Bill Evans recorded “Laurie” for the first time in August 1979 on his Grammy Award winning album for the best jazz instrumental performance group We Will Meet Again (Warner Bros. 1980). It is a tribute album to Bill’s brother Harry. The album is comprised exclusively of original Bill Evans compositions. It is notable that it is Evans’ last studio recording, a quintet album, with two horns being Tom Harrell on trumpet and Larry Schneider tenor sax. Subsequently he recorded the song more than fifteen times; the last time on the bootleg album Last Note, his very final recording of a performance – live on September 10, 1980, at the jazz club Fat Tuesdays in New York with Marc Johnson and Joe LaBarbera.

The first times Bill Evans recorded “Laurie” in a trio setting, was during a South America tour in September 1979 (Live in Buenos Aires, West Wind Records). Later in November he recorded the tune at his alma mater the Southeastern Louisiana University (Homecoming, Milestone Records) and in Paris (The Paris Concerts, edition two, Warner Brothers). All volumes document Bill’s last working trio with Marc Johnson on bass and Joe LaBarbera on drums, which he compared favorably to his “classic” trio with Scott LaFaro and Paul Motion. In these albums, Bill Evans’ playing is freer, exuberant and more rhapsodic compared to his long established impressionistic style. I made next YouTube video based on the Buenos Aires track.

Pianist Harold Danko recorded the first vocal version of “Laurie” on his album Alone But Not Forgotten with singer Bob Dorough (Photo Bob Weidner), bassist Marc Johnson and drummer Joe LaBarbera (Sunnyside, 1989). Speaking of Evans: “My favorite Bill Evans tune is Laurie,” volonteers Danko. Lyrics and the arrangement were written by Bob Dorough especially for this session. He also sings on the track, sounding snuggingly right for the piece. A dreamy quality wraps around this appealingly pretty closer of the disc, communicating a genuinely natural air. This tune is a magnificent ending punctuation mark to one of the loveliest statements of the recording.

Laurie (The Dream)

Deep in a dream
I stir and speak the name of her
When I call Laurie.
Is she real or is she just a name I dreamed of, Laurie?

Sweet indecision,
Sweet lovely vision.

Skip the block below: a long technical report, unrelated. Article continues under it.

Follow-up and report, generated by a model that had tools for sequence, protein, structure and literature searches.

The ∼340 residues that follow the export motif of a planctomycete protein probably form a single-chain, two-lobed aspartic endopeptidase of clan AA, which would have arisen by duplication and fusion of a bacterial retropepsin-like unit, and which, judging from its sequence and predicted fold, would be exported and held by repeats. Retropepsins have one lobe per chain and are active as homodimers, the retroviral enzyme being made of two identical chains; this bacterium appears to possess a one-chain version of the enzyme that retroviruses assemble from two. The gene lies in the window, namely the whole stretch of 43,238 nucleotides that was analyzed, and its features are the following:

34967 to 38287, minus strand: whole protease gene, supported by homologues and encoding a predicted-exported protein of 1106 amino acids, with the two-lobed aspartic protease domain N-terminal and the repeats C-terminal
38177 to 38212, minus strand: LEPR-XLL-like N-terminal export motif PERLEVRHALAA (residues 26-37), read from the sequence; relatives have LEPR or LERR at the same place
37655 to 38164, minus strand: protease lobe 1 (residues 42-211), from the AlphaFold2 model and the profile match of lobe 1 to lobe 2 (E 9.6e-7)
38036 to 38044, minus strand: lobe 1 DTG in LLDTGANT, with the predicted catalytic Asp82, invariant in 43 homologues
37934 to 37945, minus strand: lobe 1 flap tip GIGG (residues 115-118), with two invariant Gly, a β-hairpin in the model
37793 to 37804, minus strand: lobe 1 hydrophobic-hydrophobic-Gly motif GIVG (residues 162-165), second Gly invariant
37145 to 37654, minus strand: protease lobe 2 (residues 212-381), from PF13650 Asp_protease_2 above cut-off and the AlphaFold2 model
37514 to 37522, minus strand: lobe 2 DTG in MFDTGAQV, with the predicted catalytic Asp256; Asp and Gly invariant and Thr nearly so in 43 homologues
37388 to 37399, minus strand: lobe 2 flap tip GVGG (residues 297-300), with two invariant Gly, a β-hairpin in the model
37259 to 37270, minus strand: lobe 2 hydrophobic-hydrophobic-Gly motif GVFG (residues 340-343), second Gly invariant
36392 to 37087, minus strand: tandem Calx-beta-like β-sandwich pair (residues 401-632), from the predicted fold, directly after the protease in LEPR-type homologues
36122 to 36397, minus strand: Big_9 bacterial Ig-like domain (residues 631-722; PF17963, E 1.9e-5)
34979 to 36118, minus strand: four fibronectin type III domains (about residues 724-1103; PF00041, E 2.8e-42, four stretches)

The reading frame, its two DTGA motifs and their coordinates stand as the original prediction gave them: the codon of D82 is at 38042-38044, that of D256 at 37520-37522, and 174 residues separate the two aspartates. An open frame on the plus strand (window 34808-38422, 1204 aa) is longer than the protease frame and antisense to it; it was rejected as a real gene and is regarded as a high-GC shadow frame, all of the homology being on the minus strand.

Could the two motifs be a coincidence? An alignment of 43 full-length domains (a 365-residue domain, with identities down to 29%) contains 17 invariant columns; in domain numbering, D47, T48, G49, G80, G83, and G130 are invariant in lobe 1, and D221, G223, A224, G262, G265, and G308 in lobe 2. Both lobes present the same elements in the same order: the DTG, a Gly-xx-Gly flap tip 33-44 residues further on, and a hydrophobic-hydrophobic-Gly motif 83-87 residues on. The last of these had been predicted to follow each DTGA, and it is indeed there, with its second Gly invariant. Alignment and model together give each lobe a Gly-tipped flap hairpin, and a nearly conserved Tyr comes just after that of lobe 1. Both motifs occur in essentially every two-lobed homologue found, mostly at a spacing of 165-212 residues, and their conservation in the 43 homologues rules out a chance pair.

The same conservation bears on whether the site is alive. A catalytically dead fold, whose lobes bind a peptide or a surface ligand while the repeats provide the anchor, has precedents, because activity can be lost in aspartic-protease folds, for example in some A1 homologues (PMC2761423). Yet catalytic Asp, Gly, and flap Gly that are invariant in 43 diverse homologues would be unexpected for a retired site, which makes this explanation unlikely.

See her come smiling!

Then I tumble down.
Out on the street
I hear the sound of traffic
While I look for Laurie.
Searching every face
But still no trace is there of Laurie.

Sweet inspiration,
In sweet desperation
I sleep once again
But to dream
For it seems that Laurie
Only loves me when I’m dreaming.

Lyric by Bob Dorough and music by Bill Evans

Jack Reilly is a pianist, composer and educator in both the jazz and classical genres, who made an extensive in depth analysis of Bill’s harmonic development of several Evans tunes in his books The Harmony of Bill Evans, volume one and two (Hal Leonard Corporation, 1994, 2010). In volume two he makes an analysis of “Laurie”: “This composition is one of the most sublime examples of the marriage between melody, harmony, and their offspring rhythm (mother, father, child). And in this instance, melody is the boss!” From the accompanying audio CD two short tracks: the melody with chords and the voicings. (Published here with permission of Jack Reilly).

Other songbooks with a transcription of “Laurie” are published by the Hal Leonard Corporation.

Bill Evans – 19 Arrangements For Solo Piano – Series: Piano Solo – Publisher: TRO – The Richmond Organization – Arranger: Andy LaVerne
Bill Evans Fake Book – Series: Richmond Music Folios – Publisher: TRO – The Richmond Organization
Bill Evans – The 70’s – Publisher: TRO – The Richmond Organization
Bill Evans – The Last Compositions – Publisher: TRO – The Richmond Organization
Bill Evans – Play-A-Long Book and CD Volume 45 – Jamey Aebersold Jazz Series